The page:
Exponential Weight Loss:

Easier Than Dieting, and It Works!

By Nathan Dean

This amazing new book combines basic nutrition research with the science of how your body uses and stores energy to create a roadmap to a healthier, happier you.

Exponential Weight Loss by Nathan Dean lose weight the easy way book

Introducing The Easy Way to a Healthy Weight

You don’t have to starve yourself or take weight-loss drugs to reach a healthy weight.

All it takes is a calorie reduction so small you’ll hardly notice it.

And it lasts, because your body adjusts gradually, without the stress and disappointment that inevitably accompany dieting.

Which do you think is safer?

Too many people go on diets that cut their calorie intake drastically. They lose a lot of weight quickly, but when the diet ends they go back to eating as they did before. When they do, they inevitably regain the weight they suffered so to lose. So they diet again, lose again, regain again – and the cycle repeats.  It’s called “yo-yo dieting” and it’s unhealthy, leading to heart disease, diabetes, and other problems.

Exponential Weight Loss line graph so steady pace in reduction of weight

There’s an easier, healthier way to lose weight.  Your body requires about 15 calories per pound daily, so cutting out 150 calories – the amount in a can of soda – will mean your body can no longer support 10 pounds of its weight. You’ll lose that weight slowly, as your body responds naturally to fewer calories. But it’s healthier. And it lasts, because your body adjusts permanently to the lower calorie level.

How heavy is healthy?

CDC Classifications of Health Based on BMI pie chart grap: Normal or Healthy 18.5-25, 27.2%; Overweight 25-30, 28.9%; Obese 30-40, 33.2%; Morbidly obese >40, 9.2%; Underweight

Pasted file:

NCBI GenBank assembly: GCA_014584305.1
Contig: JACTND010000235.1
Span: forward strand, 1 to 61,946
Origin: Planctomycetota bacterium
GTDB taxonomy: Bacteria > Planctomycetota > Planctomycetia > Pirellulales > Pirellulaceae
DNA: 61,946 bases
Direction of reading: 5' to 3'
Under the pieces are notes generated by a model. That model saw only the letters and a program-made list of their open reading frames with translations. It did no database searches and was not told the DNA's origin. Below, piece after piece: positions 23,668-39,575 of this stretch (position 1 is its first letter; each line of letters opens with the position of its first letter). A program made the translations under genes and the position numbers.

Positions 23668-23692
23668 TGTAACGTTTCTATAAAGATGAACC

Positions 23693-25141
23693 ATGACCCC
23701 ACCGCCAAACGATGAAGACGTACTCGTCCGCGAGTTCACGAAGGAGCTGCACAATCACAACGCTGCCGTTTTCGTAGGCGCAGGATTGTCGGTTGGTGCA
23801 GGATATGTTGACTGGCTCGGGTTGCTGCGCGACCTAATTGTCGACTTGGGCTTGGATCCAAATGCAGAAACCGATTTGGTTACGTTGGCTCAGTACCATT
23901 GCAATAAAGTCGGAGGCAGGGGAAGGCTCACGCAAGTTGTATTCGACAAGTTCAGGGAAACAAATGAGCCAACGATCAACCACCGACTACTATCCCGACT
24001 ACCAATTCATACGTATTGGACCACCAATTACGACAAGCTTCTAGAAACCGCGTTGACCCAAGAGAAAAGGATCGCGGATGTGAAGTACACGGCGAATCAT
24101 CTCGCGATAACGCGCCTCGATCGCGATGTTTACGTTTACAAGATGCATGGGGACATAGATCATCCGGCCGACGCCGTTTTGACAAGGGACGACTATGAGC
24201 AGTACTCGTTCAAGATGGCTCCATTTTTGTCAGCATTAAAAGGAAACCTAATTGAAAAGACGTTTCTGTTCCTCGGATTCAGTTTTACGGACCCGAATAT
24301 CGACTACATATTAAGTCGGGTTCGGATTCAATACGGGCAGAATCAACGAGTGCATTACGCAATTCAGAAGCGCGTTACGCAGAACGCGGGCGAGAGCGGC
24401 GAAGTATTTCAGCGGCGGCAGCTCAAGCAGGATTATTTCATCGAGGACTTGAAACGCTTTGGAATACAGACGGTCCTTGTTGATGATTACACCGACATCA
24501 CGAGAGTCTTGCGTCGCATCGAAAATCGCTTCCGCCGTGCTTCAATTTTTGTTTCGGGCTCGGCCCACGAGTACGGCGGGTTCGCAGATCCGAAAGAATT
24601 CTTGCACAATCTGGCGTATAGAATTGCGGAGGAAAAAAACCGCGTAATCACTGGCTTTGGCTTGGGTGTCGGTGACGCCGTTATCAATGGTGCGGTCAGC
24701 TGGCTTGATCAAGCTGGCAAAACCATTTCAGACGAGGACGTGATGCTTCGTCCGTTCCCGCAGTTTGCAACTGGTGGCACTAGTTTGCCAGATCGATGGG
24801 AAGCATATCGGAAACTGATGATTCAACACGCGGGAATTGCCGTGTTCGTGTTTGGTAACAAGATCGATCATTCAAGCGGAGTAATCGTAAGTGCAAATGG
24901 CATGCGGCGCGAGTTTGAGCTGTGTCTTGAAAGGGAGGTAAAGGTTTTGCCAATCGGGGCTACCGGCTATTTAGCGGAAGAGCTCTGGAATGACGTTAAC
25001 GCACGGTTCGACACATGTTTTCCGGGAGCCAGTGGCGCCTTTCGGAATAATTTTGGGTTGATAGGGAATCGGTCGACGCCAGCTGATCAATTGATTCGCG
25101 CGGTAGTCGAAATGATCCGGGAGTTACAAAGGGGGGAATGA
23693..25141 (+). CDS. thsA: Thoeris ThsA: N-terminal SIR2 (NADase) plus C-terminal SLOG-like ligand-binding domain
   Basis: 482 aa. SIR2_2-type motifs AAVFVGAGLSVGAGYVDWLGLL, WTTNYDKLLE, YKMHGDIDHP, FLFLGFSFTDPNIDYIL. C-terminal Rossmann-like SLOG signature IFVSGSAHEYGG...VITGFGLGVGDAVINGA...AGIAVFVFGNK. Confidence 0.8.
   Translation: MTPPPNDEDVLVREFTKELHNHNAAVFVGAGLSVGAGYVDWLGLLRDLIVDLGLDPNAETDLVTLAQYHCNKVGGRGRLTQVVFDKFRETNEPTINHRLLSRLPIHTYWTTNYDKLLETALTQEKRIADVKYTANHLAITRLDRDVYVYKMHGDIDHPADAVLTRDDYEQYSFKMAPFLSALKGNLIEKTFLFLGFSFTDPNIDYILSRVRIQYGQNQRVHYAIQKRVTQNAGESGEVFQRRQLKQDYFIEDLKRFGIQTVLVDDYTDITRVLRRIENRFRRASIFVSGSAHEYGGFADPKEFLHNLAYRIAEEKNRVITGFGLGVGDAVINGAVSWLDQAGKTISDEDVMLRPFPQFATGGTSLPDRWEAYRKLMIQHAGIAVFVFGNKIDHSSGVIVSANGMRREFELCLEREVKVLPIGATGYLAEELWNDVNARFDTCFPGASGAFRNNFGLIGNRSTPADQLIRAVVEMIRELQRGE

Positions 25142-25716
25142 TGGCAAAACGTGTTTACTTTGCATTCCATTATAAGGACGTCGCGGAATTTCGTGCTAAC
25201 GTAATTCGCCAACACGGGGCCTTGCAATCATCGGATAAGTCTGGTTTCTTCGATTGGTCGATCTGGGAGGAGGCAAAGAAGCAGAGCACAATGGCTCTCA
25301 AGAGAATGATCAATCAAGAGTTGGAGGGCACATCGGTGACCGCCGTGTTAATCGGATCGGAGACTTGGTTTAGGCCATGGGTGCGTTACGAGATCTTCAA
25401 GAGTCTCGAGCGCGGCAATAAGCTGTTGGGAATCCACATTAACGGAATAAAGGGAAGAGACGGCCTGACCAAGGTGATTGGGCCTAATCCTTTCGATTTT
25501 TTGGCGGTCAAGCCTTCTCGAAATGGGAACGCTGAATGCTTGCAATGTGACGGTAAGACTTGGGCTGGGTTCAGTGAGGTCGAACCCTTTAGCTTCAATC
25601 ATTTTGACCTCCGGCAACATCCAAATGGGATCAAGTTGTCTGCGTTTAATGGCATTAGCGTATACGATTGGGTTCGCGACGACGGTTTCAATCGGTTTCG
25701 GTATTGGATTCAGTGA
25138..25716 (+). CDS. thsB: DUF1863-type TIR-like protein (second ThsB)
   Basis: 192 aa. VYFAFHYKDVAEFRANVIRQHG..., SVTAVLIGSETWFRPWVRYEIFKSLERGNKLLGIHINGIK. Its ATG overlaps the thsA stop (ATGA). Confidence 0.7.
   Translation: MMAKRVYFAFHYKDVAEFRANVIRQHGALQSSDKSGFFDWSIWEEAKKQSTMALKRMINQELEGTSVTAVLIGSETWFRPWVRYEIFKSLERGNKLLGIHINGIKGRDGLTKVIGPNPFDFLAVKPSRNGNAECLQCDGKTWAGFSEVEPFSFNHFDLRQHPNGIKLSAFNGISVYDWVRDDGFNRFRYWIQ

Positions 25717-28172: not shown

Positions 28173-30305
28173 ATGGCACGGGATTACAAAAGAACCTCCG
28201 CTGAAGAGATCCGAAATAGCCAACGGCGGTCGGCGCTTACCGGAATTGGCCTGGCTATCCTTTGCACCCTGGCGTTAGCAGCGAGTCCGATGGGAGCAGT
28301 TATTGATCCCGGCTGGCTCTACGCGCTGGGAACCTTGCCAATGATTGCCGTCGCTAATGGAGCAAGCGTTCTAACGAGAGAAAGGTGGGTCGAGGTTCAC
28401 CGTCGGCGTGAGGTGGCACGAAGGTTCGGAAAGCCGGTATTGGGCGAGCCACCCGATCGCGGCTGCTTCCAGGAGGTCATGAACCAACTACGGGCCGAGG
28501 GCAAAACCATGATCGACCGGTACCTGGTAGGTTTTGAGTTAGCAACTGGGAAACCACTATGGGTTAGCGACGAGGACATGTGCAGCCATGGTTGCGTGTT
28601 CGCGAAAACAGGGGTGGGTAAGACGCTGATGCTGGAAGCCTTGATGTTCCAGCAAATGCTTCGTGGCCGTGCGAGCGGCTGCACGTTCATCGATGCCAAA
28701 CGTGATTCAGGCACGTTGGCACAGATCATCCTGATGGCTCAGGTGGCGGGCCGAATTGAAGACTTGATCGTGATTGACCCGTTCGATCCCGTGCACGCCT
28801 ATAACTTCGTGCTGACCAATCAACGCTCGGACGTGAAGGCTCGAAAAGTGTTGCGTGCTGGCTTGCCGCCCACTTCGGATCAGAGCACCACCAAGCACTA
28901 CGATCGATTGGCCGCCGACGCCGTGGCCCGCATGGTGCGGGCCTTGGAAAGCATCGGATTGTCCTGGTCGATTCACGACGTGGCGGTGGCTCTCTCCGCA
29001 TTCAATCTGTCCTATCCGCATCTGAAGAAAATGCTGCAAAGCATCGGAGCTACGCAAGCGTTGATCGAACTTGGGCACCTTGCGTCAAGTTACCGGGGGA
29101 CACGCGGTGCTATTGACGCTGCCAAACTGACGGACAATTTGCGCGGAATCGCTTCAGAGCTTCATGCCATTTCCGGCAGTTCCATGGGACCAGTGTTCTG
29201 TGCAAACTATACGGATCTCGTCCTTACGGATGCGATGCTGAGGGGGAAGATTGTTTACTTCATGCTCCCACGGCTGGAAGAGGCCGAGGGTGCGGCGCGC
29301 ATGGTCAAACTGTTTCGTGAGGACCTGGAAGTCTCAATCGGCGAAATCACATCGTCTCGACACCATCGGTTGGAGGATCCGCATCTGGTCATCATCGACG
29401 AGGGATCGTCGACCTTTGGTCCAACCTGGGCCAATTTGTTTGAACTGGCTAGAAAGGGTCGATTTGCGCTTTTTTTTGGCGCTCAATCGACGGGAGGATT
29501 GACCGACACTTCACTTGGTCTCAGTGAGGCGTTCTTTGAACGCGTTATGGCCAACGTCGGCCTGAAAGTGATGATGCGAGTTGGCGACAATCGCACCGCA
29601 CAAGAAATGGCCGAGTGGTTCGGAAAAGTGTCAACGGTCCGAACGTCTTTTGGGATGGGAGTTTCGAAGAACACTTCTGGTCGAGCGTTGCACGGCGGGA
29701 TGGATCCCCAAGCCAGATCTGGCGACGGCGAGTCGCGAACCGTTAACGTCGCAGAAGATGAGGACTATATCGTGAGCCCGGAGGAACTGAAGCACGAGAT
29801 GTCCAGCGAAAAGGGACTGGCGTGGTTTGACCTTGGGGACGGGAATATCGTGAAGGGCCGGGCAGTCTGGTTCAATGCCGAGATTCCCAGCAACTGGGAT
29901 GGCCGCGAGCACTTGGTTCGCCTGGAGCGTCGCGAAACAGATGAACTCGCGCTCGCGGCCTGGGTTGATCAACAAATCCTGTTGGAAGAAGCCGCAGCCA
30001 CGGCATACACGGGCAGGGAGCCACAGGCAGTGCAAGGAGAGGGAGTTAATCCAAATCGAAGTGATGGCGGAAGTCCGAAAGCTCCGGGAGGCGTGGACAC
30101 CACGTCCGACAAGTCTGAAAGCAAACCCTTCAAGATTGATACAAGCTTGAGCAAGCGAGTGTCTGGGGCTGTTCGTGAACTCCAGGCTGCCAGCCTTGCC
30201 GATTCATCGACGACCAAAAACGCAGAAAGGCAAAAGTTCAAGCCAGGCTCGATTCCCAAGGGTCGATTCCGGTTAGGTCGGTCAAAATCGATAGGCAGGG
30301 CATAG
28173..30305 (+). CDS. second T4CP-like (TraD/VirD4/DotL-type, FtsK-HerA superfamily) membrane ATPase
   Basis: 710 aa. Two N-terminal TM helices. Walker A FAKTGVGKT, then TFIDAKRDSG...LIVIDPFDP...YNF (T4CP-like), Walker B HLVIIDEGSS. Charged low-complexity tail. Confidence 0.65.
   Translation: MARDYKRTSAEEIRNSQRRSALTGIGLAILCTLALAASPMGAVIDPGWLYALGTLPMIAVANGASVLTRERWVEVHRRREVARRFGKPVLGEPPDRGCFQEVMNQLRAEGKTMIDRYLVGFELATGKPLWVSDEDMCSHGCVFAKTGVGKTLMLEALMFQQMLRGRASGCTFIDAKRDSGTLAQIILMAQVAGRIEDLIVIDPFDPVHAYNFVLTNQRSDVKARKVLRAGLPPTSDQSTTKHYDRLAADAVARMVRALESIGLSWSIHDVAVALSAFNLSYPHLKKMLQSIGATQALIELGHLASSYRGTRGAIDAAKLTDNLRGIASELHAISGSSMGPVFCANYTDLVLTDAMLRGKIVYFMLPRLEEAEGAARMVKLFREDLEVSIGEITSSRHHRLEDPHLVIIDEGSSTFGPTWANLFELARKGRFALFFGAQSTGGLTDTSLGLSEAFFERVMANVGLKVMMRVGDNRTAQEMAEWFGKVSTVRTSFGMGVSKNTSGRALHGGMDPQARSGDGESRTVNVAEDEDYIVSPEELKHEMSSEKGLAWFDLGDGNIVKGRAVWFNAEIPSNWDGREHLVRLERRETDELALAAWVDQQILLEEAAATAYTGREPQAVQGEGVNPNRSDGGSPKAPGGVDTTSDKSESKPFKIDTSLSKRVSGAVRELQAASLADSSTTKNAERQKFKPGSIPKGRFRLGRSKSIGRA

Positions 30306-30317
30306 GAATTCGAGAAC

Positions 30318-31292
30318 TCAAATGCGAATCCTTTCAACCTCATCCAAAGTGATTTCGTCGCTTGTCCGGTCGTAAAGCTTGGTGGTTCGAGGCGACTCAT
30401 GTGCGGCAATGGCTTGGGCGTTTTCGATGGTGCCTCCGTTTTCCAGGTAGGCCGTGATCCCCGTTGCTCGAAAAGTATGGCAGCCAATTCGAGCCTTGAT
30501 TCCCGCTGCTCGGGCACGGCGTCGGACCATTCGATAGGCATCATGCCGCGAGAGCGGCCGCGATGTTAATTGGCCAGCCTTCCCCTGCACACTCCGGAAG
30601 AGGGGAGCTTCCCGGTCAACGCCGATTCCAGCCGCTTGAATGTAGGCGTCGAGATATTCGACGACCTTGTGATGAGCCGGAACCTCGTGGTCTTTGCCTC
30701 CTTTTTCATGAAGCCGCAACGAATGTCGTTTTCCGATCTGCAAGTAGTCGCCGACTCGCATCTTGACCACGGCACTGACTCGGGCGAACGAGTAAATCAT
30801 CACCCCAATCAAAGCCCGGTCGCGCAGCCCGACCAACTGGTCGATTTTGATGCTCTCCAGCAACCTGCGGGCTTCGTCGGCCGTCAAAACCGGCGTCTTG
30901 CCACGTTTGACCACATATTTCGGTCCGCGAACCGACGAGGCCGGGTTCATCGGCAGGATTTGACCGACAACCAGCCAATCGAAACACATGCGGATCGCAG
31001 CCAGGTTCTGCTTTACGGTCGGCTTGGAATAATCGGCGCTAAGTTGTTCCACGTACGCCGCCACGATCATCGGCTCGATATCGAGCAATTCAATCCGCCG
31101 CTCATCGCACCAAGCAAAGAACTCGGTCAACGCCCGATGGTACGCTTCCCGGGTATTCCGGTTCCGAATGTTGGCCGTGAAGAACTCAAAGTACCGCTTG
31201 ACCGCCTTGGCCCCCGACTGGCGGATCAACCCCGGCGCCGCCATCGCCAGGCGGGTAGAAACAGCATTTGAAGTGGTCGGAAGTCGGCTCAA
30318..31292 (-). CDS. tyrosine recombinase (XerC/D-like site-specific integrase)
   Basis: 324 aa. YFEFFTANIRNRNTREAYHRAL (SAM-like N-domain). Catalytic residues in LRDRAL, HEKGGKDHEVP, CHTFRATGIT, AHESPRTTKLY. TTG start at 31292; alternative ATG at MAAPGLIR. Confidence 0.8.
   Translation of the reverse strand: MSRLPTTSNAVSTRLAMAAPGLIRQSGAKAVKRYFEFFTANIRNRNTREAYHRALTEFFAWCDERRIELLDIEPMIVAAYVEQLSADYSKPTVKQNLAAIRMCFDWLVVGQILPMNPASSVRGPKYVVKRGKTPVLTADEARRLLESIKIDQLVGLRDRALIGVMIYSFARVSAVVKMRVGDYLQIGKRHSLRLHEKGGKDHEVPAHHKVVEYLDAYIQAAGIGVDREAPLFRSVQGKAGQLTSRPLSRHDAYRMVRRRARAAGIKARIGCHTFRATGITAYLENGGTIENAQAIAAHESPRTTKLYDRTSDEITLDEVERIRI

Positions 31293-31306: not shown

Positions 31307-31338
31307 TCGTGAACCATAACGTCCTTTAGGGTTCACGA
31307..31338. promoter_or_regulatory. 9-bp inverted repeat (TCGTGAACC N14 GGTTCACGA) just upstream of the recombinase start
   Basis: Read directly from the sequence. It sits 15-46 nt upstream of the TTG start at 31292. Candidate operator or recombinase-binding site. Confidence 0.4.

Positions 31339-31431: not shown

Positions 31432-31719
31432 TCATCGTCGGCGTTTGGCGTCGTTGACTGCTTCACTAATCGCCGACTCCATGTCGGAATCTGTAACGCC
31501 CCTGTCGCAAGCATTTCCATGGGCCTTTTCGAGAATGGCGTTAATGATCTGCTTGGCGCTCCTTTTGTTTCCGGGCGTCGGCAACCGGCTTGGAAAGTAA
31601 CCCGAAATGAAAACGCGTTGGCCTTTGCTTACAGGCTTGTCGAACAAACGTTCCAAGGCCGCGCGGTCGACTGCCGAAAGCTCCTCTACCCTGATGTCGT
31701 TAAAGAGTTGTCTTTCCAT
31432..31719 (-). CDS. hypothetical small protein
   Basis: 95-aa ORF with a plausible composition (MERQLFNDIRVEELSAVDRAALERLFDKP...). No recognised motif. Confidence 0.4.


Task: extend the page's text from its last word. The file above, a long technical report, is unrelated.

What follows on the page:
Since 1998, the Centers for Disease Control has labeled people with a Body Mass Index (BMI) above 30 “Overweight,” “Obese,” or “Morbidly Obese.” They claim that we are in an “obesity epidemic” and that only those with BMI’s below 25 – barely one in four Americans – are “Normal or Healthy.” According to them, the average American is far “Overweight” and nearly “Obese.”  Their own data show, however, that the “Overweight” group are 14% less likely to die of weight-related causes than the “Normal or Healthy” ones.

If being healthy corresponds to being less likely to die, then the healthier half of the population are the 50% who are less likely to die of weight-related causes than the rest. The book shows that this healthier half consists of those with BMIs between 20.7 and 29.8, which includes the average American. Instead of creating false panic, the CDC should be focusing on the 10% most likely to die and identifying them as dangerously overweight or underweight.

Buy the Book

Purchase the paperback or eBook version from your preferred retailer below.

Paperback $10.95 Ebook/Kindle $4.50

"Read the entire book in one afternoon! Very well written and easy to understand. Who would think that permanent weight loss could be so simple!"

Phil / Amazon
Nathan Dean author of Exponential Weight Loss book

About the Author

Nathan Dean

Nathan Dean has spent years building mathematical models. As a physicist, he modeled subnuclear particles. As an investor, he modeled stock options. When the pandemic arrived, he modeled COVID-19 transmission rates. And when he lost weight, he modeled how the body stores and uses energy. This book – his second – is based on that research.

A Tennessee native, he graduated from the University of North Carolina and was named a Churchill Scholar for graduate study at the University of Cambridge, where he completed his PhD in theoretical physics. Now retired following a distinguished academic career as a professor, a dean, a vice provost, and a vice president at major research universities, he lives in Atlanta with his wife Mary Fetzer Dean.

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